Q: What makes clouds white? Is this a property of light or of moisture?
When clouds are white (and many are not), “it’s because light from the sun is white, a combination of all the colors of the rainbow,” said Michael Kaufman, professor of physics and astronomy at San Jose State University in California.
As light moves through the clouds, it is dispersed by water droplets. These are comparable to or bigger than the wavelengths of light, Kaufman said, and there are lots of droplets in the average cloud.
The result is that all the wavelengths are scattered more or less uniformly; to our eyes, no color predominates.
“Looking at a cloud from any other angle, you see a mixture of all the scattered colors, so it looks white,” Kaufman said. “White light in, white light out.”
This effect is called Mie scattering, he added, “and is what you get when the wavelength of light and the particles it hits are comparable in size. It also works when particles are bigger than wavelengths of light.”
When light is moving through cloudless atmosphere, on the other hand, our perception of it is very wavelength-dependent. The small gas particles in the atmosphere scatter blue light about 16 times as efficiently as they scatter red light, an effect called Rayleigh scattering. That is why the sky is blue.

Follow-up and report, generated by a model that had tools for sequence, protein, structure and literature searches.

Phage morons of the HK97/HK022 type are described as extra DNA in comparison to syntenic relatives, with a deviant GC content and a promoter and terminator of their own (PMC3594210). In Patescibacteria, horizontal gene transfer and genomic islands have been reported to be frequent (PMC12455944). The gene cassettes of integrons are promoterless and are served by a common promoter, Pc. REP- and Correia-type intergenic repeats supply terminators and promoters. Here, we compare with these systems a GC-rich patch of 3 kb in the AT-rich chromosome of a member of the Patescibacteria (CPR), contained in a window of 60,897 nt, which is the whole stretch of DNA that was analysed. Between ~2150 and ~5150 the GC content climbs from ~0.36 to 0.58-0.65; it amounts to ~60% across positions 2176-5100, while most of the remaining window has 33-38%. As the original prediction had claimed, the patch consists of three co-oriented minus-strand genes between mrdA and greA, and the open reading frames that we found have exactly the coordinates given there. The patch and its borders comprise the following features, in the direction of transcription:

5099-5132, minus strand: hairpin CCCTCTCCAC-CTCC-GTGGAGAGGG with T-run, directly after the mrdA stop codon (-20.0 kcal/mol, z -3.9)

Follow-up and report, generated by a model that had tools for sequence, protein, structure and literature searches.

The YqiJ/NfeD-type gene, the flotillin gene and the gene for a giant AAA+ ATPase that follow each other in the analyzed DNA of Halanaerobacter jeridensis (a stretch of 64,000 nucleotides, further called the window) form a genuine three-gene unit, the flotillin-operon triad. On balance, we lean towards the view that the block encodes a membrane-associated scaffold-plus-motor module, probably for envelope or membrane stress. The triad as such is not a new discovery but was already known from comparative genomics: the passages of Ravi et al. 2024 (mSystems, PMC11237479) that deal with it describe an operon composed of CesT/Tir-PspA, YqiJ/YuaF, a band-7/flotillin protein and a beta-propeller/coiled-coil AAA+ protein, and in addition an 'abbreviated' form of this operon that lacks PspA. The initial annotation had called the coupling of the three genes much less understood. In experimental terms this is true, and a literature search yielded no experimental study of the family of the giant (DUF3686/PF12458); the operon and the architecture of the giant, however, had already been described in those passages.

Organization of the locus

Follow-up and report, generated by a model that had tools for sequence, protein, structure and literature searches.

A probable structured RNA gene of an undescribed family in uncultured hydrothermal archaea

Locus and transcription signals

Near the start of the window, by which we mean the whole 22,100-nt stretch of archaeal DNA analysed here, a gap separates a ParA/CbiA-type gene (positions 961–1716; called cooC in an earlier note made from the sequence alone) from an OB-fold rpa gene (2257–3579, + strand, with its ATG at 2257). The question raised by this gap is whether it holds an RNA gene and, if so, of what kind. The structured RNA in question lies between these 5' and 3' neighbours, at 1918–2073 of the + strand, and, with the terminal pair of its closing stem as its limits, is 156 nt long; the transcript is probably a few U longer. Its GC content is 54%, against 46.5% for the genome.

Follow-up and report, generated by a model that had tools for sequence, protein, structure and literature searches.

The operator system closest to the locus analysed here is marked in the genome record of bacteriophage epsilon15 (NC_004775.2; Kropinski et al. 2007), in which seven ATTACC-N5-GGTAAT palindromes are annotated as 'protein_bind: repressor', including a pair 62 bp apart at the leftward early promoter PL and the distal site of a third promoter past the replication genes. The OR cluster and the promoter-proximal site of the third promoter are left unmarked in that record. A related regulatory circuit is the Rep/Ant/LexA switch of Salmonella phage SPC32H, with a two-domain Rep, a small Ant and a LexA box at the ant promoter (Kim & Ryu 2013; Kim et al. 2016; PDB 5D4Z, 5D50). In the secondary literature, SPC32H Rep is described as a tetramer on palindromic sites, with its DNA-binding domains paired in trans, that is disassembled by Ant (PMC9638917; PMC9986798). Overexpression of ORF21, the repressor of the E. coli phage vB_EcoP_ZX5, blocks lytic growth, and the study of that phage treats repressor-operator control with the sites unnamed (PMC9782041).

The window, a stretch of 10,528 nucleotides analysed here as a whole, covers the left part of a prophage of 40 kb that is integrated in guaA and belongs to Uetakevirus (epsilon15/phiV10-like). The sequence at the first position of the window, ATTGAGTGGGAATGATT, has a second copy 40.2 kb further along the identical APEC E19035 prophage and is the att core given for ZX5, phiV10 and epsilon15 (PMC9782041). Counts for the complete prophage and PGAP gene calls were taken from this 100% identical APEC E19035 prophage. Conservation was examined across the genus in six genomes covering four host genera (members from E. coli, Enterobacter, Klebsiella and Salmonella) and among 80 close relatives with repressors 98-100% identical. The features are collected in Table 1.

Storing medical images
Q: When doctors order X-rays, CT scans, PET scans, MRIs, ultrasounds and mammograms these days, how are the images stored and transmitted?
All kinds of images can be captured, reviewed, stored and transmitted digitally, using a standard format called Dicom, for digital imaging and communications in medicine, said Dr. Keith Hentel, executive vice chairman of the department of radiology at New York-Presbyterian Hospital/Weill Cornell Medical Center.
Dicom files contain not only the images but also information about the patient and how the images were acquired, along with the radiologist’s annotations, Hentel said.
The viewer can manipulate Dicom data in ways as simple as making standard measurements or as complex as producing detailed three-dimensional representations of the anatomy.
The images may be printed on film or even on paper, Hentel said, but most are interpreted by radiologists electronically and stored on systems called PACS, for picture archiving and communication systems. For those without access to such systems, the Dicom files can be put on a CD-ROM along with a viewing program.
Patients can increasingly expect to have their images securely archived and easily accessible on Web-based or cloud-based services, Hentel said, making them available wherever and whenever needed.